The third reinforcement comes from the findings from activity around ideas (as assessed by the social tag information). The diversity of participants in these more open conversations was shown to characterise the exploration phase, and then the denser interaction patterns were shown to characterise the engagement phase. We had conducted some preliminary research on data collected from a Spigit implementation. Spigit is an ideas platform, which makes use of an innovative gaming engine to attract participation in a more open and transparent ideas market place. Ideas platforms largely reflect Pentland’s Exploration phase. In our research exercise we had data on ideas that had actually been accepted for implementation by management and therefore could look for patterns of interactions from the Spigit conversation platform that correlated with accepted ideas as opposed to ideas that were rejected. Our tentative findings were that the key predictors were the level of conversation activity around an idea and the diversity of participants in the conversation. Happily Pentland finds exactly the same thing from his more copious data and undoubtedly more sophisticated analyses. Again we can now move forward with this proposition with much more confidence. Thank you Sandy!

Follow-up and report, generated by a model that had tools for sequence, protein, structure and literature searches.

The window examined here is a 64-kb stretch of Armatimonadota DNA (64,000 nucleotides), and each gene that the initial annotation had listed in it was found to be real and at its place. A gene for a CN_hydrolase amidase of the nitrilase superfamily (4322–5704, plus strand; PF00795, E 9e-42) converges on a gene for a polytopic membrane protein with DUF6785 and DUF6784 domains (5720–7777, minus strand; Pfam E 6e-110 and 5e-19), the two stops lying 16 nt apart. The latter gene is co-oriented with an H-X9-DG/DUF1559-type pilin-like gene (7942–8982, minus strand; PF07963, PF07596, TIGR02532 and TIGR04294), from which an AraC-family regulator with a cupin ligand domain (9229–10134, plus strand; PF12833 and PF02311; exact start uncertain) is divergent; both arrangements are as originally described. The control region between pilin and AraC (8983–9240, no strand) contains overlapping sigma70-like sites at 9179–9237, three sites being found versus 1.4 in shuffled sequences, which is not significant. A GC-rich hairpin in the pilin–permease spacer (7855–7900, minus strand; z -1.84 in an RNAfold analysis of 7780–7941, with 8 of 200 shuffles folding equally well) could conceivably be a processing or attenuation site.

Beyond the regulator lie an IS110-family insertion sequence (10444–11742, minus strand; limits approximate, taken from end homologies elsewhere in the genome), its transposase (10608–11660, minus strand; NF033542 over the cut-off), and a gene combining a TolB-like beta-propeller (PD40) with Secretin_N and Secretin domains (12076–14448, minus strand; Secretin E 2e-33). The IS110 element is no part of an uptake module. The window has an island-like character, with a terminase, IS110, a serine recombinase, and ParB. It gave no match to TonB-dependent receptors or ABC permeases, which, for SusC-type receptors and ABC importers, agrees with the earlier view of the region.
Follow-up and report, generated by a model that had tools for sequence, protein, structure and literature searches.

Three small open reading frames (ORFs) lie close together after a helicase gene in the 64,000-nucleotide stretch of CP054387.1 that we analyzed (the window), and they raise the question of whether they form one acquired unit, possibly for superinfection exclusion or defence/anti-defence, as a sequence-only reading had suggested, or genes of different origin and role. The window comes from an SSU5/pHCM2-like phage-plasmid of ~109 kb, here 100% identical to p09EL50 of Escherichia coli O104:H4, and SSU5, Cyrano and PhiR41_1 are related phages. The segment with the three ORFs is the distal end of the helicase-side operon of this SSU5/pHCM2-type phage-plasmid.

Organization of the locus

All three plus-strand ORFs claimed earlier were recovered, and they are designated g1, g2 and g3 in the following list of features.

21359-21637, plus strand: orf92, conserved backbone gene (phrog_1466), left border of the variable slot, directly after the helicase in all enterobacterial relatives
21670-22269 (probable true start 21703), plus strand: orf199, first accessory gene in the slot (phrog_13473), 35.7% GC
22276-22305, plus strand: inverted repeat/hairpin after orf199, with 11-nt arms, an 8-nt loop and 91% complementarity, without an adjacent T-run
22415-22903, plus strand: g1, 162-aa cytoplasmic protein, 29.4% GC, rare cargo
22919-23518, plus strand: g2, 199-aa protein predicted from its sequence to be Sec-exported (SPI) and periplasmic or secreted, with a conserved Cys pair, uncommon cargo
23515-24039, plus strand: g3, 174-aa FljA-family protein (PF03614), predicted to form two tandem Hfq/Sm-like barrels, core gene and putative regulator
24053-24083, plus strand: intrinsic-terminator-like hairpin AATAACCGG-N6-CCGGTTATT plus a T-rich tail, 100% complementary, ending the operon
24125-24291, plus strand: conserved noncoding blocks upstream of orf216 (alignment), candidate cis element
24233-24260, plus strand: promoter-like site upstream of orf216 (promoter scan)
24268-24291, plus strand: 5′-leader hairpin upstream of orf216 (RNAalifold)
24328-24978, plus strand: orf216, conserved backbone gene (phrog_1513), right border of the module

Finally the book addresses the use of social physics in planning cities. Geo-tagging is now a common feature in Smartphones, so it becomes a relatively simple task to visualise social interactions in a geographic layout as an alternative to the common ‘force field’ layout for social networks. Thanks to Google maps, it is now possible to overlay social network connections onto geographic maps. “Location” is a common attribute used to characterise different actors in a social network in identifying the level of collaboration or otherwise between say, geographic regions. We have reported elsewhere how important co-location can be to facilitate effective knowledge sharing. We have recently also been experimenting with providing geo-mapping visualisations of social networks with this example taken a social network survey of a consulting organisation:
So Oxymoron of Tipping Point? Personally I have seen many terms accused of being an oxymoron survive and proceed to a healthy existence; with ‘knowledge management’ being one notable example. We acknowledge that many a oxymoron are just a statement of aspirations, more so than a legal claim. We can live with ‘health tans’ and ‘business ethics’, so why not Social Physics? In terms of the use of big ‘social’ data for gaining new performance insights; no doubt there are many an HR professional with their carefully crafted HR Information systems shaking in their boots at the thought of a bunch of data scientists, mining data outside their formal HRIS, making them redundant. For us it is whether ‘Social Physics’ can be the tipping point between the ‘other physics analogy and that is the contrast between Newtonian thinking and Quantum thinking:
We certainly hope so!